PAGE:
The legislator also distinguished elements that should be taken into account when locating new development in the plan, these are, in particular

– locating new residential development in a manner that allows residents to make maximum use of public mass transit as their primary means of transportation,

– providing spatial solutions, facilitating the movement of pedestrians and cyclists.

The provision was thus constructed in such a way as to give the municipal council the possibility to influence, among others, the increase or decrease in the number of residents. As it has already been pointed out, it is important for the municipality to provide infrastructure according to the population that resides there.

Often both commercial investors and small owners do not want to accept the designation of their property in the plan and feel hurt because they cannot dispose of their property in any way they want.

In the following articles I will analyze the jurisprudence of administrative courts concerning the limits of planning authority. I will show how differently the courts approach some issues in order to be almost completely unanimous in others. I will also explain when an investor has a chance to obtain a planning provision in line with his wishes, and when such chance is slim.

We will start with the Supreme Administrative Court ruling of 25 November 2020

(ref. II OSK 791/190).  The case concerned a complaint against a local law zoning which changed the existing zoning plan in such a way that for a part of the geodesic area specified in the local law, it was stated that in the absence of a sanitary sewer system, until such a system is built, sewage may be disposed of only to the existing septic tanks. After the complaint was dismissed by the Voivodship Administrative Court, the case was referred to the Supreme Administrative Court. The  SAC, in contrast to the Voivodship Administrative Court, stated that taking into account the justification of the local law, the plan should be interpreted in such a way that it prohibits the construction of septic tanks and “since no suitable facilities exist in this area and at the same time there is no possibility of building new facilities, the applicant was deprived of the possibility to discharge sewage. The applicant’s right to property, under which he has the right to construct the necessary sewage disposal facilities on his property, was thereby restricted.”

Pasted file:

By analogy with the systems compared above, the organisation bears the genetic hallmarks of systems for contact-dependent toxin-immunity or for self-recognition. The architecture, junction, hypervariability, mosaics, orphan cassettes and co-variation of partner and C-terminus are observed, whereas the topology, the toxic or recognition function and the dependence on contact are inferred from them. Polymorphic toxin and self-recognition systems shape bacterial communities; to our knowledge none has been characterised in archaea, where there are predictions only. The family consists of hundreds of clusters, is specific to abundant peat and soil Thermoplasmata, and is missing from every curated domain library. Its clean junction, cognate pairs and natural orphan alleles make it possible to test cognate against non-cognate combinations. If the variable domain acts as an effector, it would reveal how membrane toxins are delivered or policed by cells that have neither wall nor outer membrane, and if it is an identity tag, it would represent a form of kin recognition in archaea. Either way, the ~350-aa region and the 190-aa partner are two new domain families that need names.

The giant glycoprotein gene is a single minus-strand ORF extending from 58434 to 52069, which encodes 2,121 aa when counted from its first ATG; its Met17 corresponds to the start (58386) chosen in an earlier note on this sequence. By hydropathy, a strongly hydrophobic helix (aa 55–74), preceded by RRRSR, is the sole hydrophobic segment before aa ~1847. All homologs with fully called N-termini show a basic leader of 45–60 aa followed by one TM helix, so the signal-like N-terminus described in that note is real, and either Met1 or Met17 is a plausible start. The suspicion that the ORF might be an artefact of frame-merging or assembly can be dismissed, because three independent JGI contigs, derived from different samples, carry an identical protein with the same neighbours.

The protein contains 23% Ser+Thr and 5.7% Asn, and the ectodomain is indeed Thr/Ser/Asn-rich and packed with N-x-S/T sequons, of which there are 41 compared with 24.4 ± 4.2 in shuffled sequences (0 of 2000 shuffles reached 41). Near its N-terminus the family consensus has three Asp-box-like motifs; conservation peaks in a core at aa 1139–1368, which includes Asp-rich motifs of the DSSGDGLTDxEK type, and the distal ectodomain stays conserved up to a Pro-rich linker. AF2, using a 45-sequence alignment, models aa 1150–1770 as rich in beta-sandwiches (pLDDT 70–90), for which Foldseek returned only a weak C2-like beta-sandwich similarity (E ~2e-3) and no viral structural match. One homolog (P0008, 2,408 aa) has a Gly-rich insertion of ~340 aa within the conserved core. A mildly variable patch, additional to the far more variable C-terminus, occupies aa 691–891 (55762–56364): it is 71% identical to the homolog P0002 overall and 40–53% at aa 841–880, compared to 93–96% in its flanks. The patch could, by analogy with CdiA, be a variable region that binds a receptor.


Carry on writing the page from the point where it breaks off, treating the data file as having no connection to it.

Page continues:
It was further pointed out that:

– ‘the municipal council violated the principles for drawing up the local plan by abusing its planning authority, resulting in a restriction of the applicant’s property right,

the council failed to indicate the circumstances justifying the imposition of a ban on the construction of new sealed septic tanks in the entire area belonging to the applicant in a situation where this area is deprived both of access to the collective sanitary sewage system and of access to the existing sealed septic tanks.

It was also pointed out that “the essence of the operation of the principle of balancing the opposing interests is based on the correct implementation of two elements of this principle: the balancing of interests and the result of the balancing. If the balancing of interests has not taken place or the rule of domination of any of the interests has been unjustifiably adopted – this principle is violated. Therefore, when interfering in the sphere of private interests of the owners, the municipal council should unconditionally follow the principle of proportionality understood as the prohibition of excessive, in relation to the protected values, interference in the sphere of rights and freedoms of individuals”.

The SAC judgment allows us to state that the municipal council, when determining the content of the plan when resolving the conflict of public and private interests, should each time analyze in detail the effect of the violation of each of these interests and justify its position. It should be concluded that in this case the prohibition of construction of new septic tanks was found to be unjustified as it infringed unjustifiably on private interest, moreover, the local law did not indicate justification of such decision and its advisability in terms of public interest.